Another question is whether the Greens can win lower house seats. In 2010, the Coalition’s decision to put the Greens behind Labor on their How to Vote cards was critical in allowing Labor to hold onto the inner city seats of Melbourne, Richmond and Brunswick. The Coalition are following this policy again in 2014, so the Greens will need to increase their primary vote in these seats at the expense of Labor to win. Most statewide polling has Labor and the Greens both increasing their vote, but the picture could be different in the inner city. Labor would absolutely not want to rely on Greens support in the lower house.

Victoria elects its upper house through Senate style proportional representation, using eight regions with each region electing five members. Group voting tickets for the upper house were lodged last Sunday 16 November, and the biggest surprise is probably the Greens’ decision to put PUP ahead of Labor in four regions. For their part, Labor has non-Left parties ahead of the Greens in four regions.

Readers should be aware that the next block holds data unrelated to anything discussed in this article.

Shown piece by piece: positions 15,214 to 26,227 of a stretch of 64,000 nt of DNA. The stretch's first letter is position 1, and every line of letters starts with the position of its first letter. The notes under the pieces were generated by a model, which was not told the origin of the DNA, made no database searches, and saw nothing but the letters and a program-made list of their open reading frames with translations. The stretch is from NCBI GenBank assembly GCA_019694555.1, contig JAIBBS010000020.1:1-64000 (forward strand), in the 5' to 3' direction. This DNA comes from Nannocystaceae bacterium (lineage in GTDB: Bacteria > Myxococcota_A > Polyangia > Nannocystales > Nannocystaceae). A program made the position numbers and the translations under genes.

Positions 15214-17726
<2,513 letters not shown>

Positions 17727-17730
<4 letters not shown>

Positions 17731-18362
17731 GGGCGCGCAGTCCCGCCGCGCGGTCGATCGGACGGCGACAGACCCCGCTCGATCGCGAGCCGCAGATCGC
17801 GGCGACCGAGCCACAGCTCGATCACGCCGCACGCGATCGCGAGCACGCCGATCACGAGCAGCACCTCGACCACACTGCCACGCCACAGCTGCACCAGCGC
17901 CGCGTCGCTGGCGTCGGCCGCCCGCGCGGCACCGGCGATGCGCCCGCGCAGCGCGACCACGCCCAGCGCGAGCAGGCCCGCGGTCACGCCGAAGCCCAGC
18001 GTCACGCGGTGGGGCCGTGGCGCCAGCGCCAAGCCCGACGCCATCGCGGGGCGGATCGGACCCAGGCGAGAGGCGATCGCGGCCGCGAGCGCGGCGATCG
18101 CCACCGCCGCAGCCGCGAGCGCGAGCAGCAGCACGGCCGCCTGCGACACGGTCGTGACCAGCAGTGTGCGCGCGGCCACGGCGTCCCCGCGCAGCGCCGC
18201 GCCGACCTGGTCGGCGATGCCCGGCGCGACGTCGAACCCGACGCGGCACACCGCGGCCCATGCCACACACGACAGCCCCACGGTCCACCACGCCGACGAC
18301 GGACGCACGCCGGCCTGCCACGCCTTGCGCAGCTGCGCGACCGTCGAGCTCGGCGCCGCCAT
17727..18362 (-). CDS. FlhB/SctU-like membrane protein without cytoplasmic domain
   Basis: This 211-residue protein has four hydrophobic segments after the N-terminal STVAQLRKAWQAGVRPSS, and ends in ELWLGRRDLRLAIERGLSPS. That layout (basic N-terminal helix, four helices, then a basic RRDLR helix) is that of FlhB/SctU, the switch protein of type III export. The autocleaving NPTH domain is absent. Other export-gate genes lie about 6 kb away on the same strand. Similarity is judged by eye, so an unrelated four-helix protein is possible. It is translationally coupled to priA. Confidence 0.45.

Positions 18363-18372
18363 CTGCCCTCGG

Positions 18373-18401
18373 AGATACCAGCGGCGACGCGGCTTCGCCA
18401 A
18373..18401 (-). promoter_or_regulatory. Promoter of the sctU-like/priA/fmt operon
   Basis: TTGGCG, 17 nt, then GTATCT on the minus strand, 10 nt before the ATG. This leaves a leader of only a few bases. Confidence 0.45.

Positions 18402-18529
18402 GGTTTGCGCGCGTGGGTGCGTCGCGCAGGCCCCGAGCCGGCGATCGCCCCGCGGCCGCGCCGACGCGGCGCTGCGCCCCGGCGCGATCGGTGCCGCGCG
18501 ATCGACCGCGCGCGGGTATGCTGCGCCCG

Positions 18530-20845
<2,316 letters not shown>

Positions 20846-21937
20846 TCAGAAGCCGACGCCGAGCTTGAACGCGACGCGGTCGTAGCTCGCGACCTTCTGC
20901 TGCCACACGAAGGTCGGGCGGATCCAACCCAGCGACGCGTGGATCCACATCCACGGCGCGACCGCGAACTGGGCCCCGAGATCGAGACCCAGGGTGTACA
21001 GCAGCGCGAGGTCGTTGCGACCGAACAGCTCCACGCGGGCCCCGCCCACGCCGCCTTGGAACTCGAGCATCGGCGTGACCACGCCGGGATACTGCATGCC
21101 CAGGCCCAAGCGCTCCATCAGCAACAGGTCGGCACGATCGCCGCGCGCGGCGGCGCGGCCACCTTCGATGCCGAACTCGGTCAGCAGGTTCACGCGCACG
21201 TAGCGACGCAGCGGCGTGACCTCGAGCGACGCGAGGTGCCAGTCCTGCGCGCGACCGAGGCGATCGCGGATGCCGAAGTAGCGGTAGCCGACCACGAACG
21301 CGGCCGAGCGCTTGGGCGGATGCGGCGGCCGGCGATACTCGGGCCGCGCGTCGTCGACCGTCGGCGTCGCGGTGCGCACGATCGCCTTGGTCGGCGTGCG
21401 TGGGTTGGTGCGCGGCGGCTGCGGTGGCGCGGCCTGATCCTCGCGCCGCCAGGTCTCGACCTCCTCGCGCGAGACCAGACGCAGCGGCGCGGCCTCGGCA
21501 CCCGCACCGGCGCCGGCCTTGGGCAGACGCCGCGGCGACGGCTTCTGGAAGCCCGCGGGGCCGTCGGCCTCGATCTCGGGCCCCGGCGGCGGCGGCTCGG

The cynicism of these deals shows that the group voting ticket system currently used for the Senate and Victorian, SA and WA upper houses should be abolished. Fortunately, Victoria only requires voters to number 5 boxes below the line to cast a formal vote. I recommend that Victorians control their own preferences by voting below the line, rather than let parties control their preferences.

In Victoria, Federal Labor leads by 57-43 according to BludgerTrack. With only a week until the election, it is unlikely that the State Coalition can recover much ground given the Federal Coalition’s unpopularity in Victoria. Labor should win a comfortable lower house majority. In the upper house, Labor and the Greens should have a combined majority, but preference deals could mess up that scenario.